As for when that will happen — as soon as we know, you’ll know.
In the meantime, focus on keeping your quality high, and use the share links to promote your most intriguing content.
The Discussion Zone is similar to a meta forum where users can bandy about proposal ideas, discuss promotions, and decide how to best mix and match these proposals into great sites. For example:
- Should we merge the ___ and ___ proposals?
- Do we really need another site about ___?
- Would a site about ___ work in the Stack Exchange network?
But there’s so much more going on under the hood than a new discussion forum. The Area 51 proposals have also been organized and grouped into a series of “Categories.”
Area 51 Categories
Categories provide more than just a cataloging system to help find interesting proposals. Categories form the basis of building communities around users with similar interests:
Area 51 was long overdue for a v2.0 makeover; it hasn’t changed much since it launched last June. With almost 700 proposals vying for attention, users were having a hard time organizing and rallying around individual proposals. Some of those proposals will make great sites. But the listings are fraught with duplicates, overlapping ideas, and subsets of similar proposals — and a few genuinely great ideas that are simply struggling to find its audience. We hope that, by creating this collaborative association, users will sort and distill the proposal list down into a collection of viable topics; proposals that need little more than the time to gather support.
The concept behind the new Area 51 design is simple…
Each time you visit a proposal, you should find yourself surrounded by activities of interest: related proposals, interesting discussions, like-minded users; all working together to discuss how best to create great sites from these proposal ideas.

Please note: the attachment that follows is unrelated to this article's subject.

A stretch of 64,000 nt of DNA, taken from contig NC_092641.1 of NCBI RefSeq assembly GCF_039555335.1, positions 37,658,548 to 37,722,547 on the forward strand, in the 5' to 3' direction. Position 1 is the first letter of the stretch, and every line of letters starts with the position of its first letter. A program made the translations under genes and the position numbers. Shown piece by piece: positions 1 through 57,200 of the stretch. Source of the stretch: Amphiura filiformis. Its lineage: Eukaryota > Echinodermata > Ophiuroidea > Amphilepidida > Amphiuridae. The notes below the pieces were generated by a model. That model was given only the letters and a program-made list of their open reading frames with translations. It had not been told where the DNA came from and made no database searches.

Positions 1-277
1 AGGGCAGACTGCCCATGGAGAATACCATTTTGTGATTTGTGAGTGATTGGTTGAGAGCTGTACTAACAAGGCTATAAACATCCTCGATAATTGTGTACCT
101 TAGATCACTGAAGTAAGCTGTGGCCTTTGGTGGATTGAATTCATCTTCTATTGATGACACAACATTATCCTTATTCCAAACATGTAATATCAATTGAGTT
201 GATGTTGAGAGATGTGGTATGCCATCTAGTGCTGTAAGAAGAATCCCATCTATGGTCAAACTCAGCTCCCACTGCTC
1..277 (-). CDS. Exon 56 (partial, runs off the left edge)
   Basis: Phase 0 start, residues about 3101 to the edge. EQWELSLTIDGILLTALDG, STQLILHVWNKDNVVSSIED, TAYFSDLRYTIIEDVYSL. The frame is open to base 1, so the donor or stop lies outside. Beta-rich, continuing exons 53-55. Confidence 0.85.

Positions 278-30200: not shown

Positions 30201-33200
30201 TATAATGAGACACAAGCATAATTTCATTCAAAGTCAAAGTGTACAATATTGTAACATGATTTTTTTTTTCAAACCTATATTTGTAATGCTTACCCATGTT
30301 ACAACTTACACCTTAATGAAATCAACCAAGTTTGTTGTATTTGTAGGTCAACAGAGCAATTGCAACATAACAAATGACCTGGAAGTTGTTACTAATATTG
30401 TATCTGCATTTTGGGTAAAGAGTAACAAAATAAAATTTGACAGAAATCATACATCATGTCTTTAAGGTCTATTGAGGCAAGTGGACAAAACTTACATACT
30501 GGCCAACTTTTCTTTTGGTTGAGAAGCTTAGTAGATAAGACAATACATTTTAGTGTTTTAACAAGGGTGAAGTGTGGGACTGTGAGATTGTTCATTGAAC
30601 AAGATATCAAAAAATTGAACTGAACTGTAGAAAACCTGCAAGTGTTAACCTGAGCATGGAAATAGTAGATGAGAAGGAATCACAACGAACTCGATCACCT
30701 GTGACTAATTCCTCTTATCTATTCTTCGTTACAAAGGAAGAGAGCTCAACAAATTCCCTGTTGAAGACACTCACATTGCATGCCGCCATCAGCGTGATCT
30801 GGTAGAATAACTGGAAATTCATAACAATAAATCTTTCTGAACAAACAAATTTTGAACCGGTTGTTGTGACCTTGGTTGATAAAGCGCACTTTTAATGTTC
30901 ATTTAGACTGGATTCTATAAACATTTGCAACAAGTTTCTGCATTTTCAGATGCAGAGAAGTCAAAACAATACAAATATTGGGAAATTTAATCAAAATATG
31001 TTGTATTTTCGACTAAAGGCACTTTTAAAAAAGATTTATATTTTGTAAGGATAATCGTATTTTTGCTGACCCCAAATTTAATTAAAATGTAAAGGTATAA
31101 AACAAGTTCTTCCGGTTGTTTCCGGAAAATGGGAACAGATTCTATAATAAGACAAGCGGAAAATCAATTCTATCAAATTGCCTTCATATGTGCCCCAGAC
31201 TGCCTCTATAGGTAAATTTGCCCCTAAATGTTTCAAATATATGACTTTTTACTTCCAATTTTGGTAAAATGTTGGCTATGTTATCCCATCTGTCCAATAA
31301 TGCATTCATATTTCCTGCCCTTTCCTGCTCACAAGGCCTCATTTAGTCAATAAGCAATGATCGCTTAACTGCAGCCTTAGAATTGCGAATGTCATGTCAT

Assigning Categories to proposals will also help us introduce Stack Exchange sites to proposals of interest. The added visibility will help promote the next generation of even more diverse Q&A sites.
It’s hard to predict just how these “Discussion Zone” forums will be used. They may not be the silver bullet that I’m hoping for. But at the very least, it gives everyone a voice.
On Monday afternoon, we unceremoniously closed down a Stack Exchange site: Artificial Intelligence.
Not that many would have noticed. It had an laggardly 83 questions in its 12 days of existence. It wasn’t so much the lack of questions that was of concern — a site can stay in beta as long as it takes — but the conspicuous lack of expert-level questions. This was also the emerging opinion amongst the users:
I committed to this proposal some time ago, hoping that this might become a site for researchers or knowledgeable academics asking serious technical questions about artificial intelligence here. It seems I was dearly mistaken … Most of the questions are those asked by the merely curious.
70-80% of the questions didn’t run much deeper than “When will we have intelligent computers?” and “What is your favorite AI blog?”
I can understand the curiosity. As a computer enthusiast, I am somewhat intrigued by artificial intelligence. But I couldn’t even begin to ask a question suitable for a knowledgeable researcher. I’d be one of the merely curious… as were most users on the site.
AI’s problems began almost immediately when users started asking the first questions:
It has long been established that no question is too entry-level nor too basic. Everyone is welcome. But, in these earliest days, we are DESIGNING a site for experts. To attract experts, you need a site where people are asking very interesting and challenging questions, not the basic questions found on every other Q&A site. Remember, the pro sites WILL attract the enthusiasts, but not the other way around!
The earliest questions on a site will set the tone and topic of the site for a long time.
The AI site conspicuously lacked that “tone and topic” from day one, so it had nowhere to go and was closed down.
Lessons for Area 51
The purpose of Area 51 is to prove that a site has critical mass before it launches. That didn’t work here. The followers and committers accumulated very slowly over six months, so there was a low response rate from the committers to join the private beta. We may need to consider something like aging commit votes so older proposals don’t simply accrete votes over a long period of time. We need to establish that a proposal has sufficient momentum (an escape velocity) before it creates a site.